Pakistan on Wednesday demanded a probe into the assault on Pakistani prisoner Sanaullah Ranjay, who died in an Indian hospital almost a week after he was attacked in a jail in Jammu, and called for measures to protect all its nationals in Indian prisons.
Foreign Office spokesman Aizaz Ahmad Chaudhry expressed concern at the "brutal" attack on Ranjay. "We have conveyed our concern to the Indian government in this regard and demanded that an investigation into the incident be held and perpetrators of this heinous crime be brought to justice," he said in a statement.
Ranjay, a resident of Sialkot in Punjab province, was serving a life term after being convicted of involvement in terrorist activities in 1999. He was attacked in Kot Bhalwal Jail in Jammu by a former Indian soldier convicted of murder after a row between the two men on May 3.
The attack on Ranjay happened a day after Indian prisoner Sarabjit Singh died following an assault in Lahore's Kot Lakhpat Jail. Sarabjit, sentenced to death in 1990 for involvement in a string of bombings, was attacked with bricks by other prisoners.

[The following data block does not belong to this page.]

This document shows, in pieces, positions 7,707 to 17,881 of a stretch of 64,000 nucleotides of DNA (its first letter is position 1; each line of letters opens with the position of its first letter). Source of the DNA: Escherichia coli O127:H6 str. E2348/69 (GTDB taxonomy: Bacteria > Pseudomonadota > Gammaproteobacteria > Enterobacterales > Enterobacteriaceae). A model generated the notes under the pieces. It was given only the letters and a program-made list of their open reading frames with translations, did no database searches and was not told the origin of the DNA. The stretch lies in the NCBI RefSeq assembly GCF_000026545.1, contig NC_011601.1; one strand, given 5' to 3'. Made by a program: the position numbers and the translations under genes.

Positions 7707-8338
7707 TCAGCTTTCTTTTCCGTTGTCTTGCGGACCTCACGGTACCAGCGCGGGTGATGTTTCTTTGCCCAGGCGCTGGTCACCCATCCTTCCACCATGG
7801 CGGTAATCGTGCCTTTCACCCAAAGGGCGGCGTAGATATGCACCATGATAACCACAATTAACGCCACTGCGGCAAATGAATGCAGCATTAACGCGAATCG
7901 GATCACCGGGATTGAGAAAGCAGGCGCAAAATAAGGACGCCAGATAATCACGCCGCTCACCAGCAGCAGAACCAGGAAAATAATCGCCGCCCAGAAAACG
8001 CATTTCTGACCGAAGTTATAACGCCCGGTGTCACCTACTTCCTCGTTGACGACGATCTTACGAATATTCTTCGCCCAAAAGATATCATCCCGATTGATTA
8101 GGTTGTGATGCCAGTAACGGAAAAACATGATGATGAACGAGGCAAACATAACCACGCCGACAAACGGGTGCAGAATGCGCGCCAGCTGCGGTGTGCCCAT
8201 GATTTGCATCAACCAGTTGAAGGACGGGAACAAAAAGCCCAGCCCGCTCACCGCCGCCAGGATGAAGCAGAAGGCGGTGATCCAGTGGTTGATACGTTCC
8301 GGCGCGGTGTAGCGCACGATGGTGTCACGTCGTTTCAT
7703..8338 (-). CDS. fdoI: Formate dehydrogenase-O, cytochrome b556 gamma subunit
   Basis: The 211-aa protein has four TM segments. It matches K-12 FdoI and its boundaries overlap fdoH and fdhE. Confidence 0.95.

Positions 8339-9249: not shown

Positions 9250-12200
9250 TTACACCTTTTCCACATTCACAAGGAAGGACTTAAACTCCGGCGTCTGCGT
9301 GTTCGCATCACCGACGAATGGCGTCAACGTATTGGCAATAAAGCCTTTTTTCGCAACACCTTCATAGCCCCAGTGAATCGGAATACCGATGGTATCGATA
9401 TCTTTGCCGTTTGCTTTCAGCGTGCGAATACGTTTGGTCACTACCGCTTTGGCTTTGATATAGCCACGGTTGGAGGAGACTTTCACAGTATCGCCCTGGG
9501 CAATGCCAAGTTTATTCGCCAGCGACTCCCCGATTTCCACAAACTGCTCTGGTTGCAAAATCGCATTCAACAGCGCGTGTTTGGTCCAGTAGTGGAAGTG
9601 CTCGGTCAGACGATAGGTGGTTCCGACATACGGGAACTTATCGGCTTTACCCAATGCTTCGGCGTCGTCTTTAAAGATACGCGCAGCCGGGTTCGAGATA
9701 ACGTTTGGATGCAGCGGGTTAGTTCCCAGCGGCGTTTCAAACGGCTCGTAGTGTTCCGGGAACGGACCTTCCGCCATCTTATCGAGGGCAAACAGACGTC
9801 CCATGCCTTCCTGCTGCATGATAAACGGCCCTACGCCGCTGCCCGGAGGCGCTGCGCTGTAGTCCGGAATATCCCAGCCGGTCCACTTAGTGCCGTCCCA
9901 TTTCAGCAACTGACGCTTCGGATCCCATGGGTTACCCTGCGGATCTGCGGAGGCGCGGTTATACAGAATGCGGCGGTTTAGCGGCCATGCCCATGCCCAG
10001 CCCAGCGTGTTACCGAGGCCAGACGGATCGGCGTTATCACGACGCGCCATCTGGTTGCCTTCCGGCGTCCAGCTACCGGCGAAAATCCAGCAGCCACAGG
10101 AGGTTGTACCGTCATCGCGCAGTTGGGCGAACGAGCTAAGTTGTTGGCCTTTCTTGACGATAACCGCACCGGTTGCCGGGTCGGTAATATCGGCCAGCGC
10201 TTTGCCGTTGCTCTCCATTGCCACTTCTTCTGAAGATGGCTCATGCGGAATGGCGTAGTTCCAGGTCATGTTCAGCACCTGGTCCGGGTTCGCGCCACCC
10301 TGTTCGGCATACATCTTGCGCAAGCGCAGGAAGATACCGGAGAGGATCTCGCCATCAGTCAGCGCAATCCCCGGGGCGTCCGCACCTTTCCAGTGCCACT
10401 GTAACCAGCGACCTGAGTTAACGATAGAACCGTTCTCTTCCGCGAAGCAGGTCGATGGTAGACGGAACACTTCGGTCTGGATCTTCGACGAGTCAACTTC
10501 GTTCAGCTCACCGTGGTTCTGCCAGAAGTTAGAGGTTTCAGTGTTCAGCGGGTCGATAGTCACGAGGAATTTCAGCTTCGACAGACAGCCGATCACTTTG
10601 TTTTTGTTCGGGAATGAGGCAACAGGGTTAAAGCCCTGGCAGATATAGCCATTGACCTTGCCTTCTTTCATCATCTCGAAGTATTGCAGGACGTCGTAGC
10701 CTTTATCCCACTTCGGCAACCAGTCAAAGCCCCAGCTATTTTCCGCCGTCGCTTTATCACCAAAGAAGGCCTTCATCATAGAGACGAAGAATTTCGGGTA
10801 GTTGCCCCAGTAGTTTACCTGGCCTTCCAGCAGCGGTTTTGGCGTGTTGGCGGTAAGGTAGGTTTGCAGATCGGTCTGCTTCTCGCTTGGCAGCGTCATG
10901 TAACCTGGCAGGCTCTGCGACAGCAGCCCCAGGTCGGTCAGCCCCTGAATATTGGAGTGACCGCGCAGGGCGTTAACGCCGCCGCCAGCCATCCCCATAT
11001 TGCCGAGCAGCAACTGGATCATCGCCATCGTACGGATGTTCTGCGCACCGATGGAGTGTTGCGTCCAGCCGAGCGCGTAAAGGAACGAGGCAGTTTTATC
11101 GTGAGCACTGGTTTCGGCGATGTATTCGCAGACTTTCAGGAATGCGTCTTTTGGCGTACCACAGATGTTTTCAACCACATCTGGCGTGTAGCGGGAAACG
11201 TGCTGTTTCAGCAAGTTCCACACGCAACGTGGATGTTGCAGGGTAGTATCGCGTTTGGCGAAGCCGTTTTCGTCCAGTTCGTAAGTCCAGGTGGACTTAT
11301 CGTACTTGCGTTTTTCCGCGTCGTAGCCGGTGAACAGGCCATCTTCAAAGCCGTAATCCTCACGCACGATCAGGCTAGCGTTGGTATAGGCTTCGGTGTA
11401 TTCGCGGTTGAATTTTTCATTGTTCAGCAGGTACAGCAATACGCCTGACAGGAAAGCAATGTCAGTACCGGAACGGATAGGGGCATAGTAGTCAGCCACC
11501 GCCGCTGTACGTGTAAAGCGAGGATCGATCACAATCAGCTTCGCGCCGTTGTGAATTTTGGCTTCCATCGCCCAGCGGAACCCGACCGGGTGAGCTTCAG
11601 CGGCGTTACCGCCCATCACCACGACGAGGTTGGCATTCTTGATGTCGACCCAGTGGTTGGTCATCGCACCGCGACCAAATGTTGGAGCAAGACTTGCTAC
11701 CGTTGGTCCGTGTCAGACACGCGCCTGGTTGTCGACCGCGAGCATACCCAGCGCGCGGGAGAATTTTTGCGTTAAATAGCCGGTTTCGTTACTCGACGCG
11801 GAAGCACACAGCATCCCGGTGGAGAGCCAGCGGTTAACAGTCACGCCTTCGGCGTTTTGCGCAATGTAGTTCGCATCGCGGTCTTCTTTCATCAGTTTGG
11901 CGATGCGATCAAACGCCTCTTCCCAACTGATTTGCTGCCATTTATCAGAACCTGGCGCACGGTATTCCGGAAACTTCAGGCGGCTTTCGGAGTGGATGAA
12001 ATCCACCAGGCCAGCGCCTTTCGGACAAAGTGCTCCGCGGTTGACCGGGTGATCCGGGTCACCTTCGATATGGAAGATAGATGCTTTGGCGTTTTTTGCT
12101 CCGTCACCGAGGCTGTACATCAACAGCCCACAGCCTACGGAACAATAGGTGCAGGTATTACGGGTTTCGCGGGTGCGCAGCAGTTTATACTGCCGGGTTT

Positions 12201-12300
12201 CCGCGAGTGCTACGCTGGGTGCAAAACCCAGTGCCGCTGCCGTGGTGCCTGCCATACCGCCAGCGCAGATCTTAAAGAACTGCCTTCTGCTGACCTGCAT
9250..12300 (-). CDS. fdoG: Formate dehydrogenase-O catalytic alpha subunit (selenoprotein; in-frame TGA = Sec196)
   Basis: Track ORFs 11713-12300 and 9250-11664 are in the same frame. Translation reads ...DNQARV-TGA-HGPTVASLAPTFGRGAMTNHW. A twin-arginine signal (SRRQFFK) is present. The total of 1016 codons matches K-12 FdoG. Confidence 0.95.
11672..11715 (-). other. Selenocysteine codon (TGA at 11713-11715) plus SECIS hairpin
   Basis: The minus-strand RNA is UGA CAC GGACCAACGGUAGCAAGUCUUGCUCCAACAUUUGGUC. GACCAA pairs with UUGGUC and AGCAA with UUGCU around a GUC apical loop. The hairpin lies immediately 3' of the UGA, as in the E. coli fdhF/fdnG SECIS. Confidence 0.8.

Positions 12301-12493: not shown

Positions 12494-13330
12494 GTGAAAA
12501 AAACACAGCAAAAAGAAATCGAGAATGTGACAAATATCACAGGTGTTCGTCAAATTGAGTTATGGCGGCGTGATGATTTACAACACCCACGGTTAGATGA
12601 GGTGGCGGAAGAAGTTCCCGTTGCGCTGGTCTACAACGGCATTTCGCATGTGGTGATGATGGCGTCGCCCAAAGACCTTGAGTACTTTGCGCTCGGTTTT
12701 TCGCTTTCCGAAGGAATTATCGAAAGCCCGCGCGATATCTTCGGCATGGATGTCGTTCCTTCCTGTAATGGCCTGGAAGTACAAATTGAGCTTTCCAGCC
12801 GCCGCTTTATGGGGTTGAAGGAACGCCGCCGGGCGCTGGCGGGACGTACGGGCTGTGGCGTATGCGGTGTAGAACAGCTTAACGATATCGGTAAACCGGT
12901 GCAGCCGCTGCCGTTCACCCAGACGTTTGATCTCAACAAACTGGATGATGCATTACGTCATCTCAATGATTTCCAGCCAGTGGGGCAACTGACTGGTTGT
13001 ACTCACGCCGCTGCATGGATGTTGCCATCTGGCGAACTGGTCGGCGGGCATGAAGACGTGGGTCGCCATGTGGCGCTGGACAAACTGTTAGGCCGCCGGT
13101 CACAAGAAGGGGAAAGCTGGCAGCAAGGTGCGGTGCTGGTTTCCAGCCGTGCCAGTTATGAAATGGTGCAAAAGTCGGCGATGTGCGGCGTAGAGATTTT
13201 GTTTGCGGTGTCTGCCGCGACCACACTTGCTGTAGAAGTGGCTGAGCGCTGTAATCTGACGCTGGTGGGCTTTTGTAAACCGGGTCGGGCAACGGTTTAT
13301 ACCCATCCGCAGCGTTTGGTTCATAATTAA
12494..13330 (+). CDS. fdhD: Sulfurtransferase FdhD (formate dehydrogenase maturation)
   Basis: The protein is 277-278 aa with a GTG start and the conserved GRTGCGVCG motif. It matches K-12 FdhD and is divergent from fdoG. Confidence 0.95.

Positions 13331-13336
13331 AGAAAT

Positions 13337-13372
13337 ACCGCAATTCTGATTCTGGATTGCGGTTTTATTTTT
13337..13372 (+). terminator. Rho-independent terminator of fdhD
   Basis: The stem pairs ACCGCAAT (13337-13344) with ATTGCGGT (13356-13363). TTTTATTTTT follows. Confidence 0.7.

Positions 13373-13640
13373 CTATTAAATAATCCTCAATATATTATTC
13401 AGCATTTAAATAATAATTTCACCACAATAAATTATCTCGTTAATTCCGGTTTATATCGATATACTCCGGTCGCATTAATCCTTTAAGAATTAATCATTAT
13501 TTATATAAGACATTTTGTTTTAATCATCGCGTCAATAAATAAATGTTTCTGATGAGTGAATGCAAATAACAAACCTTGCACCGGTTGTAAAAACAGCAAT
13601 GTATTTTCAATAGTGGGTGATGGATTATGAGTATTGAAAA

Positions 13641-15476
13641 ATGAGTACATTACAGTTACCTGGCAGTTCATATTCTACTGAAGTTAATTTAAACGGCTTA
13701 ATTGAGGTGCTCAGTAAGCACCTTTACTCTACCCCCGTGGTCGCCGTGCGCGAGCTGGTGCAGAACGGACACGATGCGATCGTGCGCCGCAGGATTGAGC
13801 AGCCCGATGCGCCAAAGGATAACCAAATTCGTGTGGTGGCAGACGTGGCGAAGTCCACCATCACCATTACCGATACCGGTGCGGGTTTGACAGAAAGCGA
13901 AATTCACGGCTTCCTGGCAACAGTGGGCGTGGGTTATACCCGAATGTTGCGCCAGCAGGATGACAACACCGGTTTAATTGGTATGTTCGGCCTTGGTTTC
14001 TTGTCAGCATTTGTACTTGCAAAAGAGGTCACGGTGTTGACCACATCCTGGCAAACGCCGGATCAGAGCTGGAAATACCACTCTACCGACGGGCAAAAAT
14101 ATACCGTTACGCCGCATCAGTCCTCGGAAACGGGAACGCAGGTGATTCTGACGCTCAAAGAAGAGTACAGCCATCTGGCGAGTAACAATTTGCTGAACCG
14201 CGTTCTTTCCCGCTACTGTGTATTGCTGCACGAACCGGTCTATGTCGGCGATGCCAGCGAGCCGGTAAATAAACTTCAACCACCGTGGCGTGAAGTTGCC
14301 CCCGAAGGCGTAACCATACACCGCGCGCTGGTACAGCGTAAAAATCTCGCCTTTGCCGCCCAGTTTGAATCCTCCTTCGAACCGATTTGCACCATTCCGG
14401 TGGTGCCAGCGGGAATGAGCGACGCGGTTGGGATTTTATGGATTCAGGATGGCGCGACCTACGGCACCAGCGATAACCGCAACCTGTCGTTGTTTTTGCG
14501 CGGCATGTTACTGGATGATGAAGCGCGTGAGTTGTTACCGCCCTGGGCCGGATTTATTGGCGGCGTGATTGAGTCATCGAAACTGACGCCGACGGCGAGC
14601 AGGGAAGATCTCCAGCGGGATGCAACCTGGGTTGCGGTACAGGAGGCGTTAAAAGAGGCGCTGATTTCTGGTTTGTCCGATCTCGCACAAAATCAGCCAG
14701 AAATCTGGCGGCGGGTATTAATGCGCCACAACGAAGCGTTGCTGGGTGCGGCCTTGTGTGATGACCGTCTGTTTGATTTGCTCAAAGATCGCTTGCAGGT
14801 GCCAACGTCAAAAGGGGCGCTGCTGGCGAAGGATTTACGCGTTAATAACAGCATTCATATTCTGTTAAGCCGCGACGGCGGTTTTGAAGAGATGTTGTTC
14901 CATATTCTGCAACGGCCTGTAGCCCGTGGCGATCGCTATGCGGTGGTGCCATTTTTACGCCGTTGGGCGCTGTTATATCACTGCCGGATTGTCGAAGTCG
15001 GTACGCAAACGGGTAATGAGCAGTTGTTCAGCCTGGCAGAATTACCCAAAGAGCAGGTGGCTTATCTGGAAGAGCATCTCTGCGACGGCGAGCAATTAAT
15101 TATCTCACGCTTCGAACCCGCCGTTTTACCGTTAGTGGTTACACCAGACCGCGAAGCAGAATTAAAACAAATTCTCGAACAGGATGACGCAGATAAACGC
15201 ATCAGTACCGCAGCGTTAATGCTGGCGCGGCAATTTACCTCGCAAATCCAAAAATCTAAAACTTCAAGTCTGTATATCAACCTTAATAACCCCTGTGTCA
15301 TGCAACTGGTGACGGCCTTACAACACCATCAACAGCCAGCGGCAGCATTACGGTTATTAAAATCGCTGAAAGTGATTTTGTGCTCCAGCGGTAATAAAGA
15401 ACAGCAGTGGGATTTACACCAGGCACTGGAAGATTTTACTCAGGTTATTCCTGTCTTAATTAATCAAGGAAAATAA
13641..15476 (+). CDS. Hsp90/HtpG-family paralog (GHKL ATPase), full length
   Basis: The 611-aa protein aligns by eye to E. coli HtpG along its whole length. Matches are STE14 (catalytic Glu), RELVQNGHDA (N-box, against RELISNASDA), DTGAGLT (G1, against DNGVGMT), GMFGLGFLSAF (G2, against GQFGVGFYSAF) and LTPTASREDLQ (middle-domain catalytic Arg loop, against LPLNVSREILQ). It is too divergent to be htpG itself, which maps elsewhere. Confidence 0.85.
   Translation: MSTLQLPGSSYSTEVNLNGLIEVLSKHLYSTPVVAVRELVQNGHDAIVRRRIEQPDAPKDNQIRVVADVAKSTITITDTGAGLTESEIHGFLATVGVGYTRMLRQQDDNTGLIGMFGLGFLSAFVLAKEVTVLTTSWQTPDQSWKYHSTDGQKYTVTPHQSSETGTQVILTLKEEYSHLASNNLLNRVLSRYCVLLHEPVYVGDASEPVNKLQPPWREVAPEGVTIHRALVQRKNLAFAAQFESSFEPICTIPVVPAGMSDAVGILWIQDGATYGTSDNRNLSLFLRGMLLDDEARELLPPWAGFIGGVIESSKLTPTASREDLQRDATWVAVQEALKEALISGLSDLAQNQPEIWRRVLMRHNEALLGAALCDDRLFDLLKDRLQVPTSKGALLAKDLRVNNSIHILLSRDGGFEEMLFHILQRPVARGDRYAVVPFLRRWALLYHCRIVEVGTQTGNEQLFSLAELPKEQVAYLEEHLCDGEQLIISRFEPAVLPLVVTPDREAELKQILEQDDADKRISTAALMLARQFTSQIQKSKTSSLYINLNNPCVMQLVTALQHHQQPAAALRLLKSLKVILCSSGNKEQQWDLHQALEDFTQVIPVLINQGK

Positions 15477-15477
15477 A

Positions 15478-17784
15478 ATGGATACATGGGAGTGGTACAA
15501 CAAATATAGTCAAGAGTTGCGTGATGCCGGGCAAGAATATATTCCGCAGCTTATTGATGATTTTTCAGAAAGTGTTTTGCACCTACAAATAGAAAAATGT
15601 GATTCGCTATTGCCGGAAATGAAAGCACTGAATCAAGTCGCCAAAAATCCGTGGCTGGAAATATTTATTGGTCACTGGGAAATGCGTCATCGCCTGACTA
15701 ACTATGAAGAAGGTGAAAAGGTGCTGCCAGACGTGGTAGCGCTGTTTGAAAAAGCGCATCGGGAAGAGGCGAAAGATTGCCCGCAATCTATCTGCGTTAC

Foreign Office spokesman Chaudhry said Pakistan wants the Indian government to ensure the safety and security of all Pakistani prisoners in Indian jails. He noted that caretaker Prime Minister Mir Hazar Khan Khoso too had called on the Indian government to ensure the safety of all Pakistani prisoners.
"We also reiterate our call to the Government of India to hold focused discussions on the conditions of Pakistani prisoners in Indian jails and repatriate those who have already completed their sentences as per the consular access agreement between Pakistan and India," he said.
Chaudhry told a weekly news briefing later in the day that, according to estimates, there were "500 to 600 Pakistani prisoners in Indian jails".
At least 47 Pakistani prisoners had completed their sentences, he said. "We are pursuing these issues with the government of India at every level," he said.
There are at least 532 Indian prisoners, including over 480 fishermen, being held in jails in Lahore, Karachi and Rawalpindi. In Delhi, the external affairs ministry spokesman said there was an urgent need to examine recommendations made by the India-Pakistan joint judicial committee that visited Pakistani jails during April 26-May 1.
"Both sides also need to take stock of the measures currently in place for ensuring safety, security and humane treatment of prisoners in each other's jails," the spokesman said. "We would like to reiterate the offer made by us on May 3, calling for a meeting with the relevant Pakistani authorities to take immediate steps to enhance the safety, security and humane treatment of Indian prisoners in Pakistani jails," he added.